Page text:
Alberta Health Services (AHS) is putting the finishing touches on a province-wide peer review program and Marlene Stodgell-O’Grady, Director of Quality, Safety and Education, Diagnostic Imaging Services, expects to see positive results. “We’ve really focused our program on education, learning and improving outcomes as opposed to looking for outliers,” she says, noting that AHS performs about 2.85 million exams per year.
By March 2016, all general radiology reports and CT scans performed at public sector facilities in Alberta will be available for peer review. The underlying software used is McKesson Conserus, which integrates with AHS’s existing IMPAX picture archiving and communication system from Agfa HealthCare. This integration enables the reviews to be performed seamlessly within the normal daily workflow of the radiologists.
Each week, the fully integrated peer review system will randomly select studies from across the province and assign them to any one of AHS’s 300 radiologists, so that “the statistical likelihood of having a report style you recognize is very low,” explains Stodgell-O’Grady.
Only reports from the prior week are selected, so that reviews are performed in a timely fashion and radiologists only receive reports that are within their normal scope of practice.
The system automatically assigns the same number of reports each week and any that aren’t reviewed simply fall out of the queue by week’s end. For general radiology, reviewers will be provided with seven reports each week and will be asked to report on five; for CT scans, reviewers are provided with two cases and asked to report on one.
Each facility is expected to carry out its assigned peer review load, based on volumes, and it’s up to each one to figure out how that will work, says Stodgell O’Grady.
“Though it is an off-the-shelf product, we have done an awful lot of customization and worked very closely with McKesson Conserus project managers to make it work the way we want it to,” said Stodgell O’Grady. “We want to make sure it’s not just about finding discrepancies; it’s also about acknowledging that some people do some exceptional work.”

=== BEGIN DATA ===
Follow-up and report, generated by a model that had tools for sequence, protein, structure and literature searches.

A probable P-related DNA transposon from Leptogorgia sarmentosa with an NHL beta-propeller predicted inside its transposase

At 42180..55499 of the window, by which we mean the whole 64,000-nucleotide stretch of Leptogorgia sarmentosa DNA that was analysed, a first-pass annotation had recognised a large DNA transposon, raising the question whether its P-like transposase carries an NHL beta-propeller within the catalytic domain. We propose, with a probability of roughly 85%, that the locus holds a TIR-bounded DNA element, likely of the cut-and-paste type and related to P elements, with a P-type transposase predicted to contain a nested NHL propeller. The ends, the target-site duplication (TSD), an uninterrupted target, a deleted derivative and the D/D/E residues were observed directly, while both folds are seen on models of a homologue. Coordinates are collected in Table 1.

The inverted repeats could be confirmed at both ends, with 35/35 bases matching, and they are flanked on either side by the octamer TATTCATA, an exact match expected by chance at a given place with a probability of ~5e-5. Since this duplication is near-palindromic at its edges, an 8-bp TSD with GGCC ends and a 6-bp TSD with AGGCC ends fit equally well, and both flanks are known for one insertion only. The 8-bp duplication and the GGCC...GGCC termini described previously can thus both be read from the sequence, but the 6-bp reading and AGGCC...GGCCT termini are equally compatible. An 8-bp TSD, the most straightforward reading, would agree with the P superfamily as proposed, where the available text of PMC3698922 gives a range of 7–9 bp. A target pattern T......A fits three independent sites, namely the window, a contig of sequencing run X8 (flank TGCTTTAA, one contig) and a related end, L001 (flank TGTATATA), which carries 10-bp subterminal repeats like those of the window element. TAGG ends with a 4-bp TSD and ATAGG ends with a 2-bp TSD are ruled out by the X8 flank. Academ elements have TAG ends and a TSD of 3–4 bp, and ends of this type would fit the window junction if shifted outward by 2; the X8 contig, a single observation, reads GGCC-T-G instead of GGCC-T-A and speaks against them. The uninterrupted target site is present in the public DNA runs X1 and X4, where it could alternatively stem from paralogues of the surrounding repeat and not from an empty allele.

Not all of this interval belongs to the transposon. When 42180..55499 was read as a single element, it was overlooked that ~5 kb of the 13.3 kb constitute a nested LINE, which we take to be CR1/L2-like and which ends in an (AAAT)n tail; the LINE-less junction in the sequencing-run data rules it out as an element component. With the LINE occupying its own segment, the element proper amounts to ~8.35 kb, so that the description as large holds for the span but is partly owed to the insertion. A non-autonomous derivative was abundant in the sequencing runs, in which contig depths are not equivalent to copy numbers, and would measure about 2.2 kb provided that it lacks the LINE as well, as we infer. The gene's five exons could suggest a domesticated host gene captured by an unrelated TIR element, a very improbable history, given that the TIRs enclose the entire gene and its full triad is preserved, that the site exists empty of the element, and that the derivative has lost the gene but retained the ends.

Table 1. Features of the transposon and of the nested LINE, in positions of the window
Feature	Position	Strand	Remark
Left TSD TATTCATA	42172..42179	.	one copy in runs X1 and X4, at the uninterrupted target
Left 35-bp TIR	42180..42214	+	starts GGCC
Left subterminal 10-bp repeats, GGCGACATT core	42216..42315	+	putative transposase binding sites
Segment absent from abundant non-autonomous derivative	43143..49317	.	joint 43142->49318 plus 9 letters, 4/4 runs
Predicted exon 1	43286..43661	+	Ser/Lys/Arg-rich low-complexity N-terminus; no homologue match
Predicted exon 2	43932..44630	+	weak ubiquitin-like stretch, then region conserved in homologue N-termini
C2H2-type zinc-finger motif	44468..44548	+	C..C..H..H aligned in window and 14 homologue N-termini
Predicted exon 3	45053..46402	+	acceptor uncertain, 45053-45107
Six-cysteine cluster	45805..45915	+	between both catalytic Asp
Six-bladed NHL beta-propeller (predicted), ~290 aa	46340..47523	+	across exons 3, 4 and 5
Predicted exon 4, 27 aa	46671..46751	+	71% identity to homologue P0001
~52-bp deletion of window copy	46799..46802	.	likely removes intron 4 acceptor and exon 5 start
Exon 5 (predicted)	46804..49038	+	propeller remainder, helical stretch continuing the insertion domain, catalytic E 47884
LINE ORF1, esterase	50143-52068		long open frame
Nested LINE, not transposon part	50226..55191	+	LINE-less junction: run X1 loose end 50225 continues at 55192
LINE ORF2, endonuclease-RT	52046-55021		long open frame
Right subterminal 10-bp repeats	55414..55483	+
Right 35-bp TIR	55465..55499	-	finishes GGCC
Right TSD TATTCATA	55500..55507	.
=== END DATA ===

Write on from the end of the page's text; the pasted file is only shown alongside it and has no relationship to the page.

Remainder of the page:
Ratings in the peer review system range from “good call, most people would have missed it” to “concur” to “disagree – should usually be caught” to “disagree – should almost always be caught.” Reviewers also have the ability to remark as to whether or not a discrepancy is clinically significant.
Any discrepancies deemed clinically significant are automatically flagged to go through an adjudication process. A secondary reviewer, who must be a member of the interpretation and reporting subcommittee, either confirms or disagrees with the diagnosis. If they disagree, the report is returned to the reviewing radiologist so they can receive feedback about why.
Stodgell O’Grady’s internal staff created dashboards using Tableau, an analytics system, so that each radiologist can see his or her performance at a glance, including how many reviews they’ve conducted, how many reviews have been conducted on their reports, and how their personal ratings compare against the provincial average.
AHS is shying away from determining discrepancy rates at this point and focusing instead on learning. “We are very much trying to stay away from looking at the individual performance of anybody,” says Stodgell O’Grady. “Instead we’re looking at the over-arching trends and where we can provide feedback.”
AHS is using the information in its peer review database to create an anonymous teaching file to ensure that really good cases are shared. “The reason we’ve been successful is we engaged the radiologists from day one and we let them tell us what works for them, what makes sense for them and how it would truly be an educational program,” she says.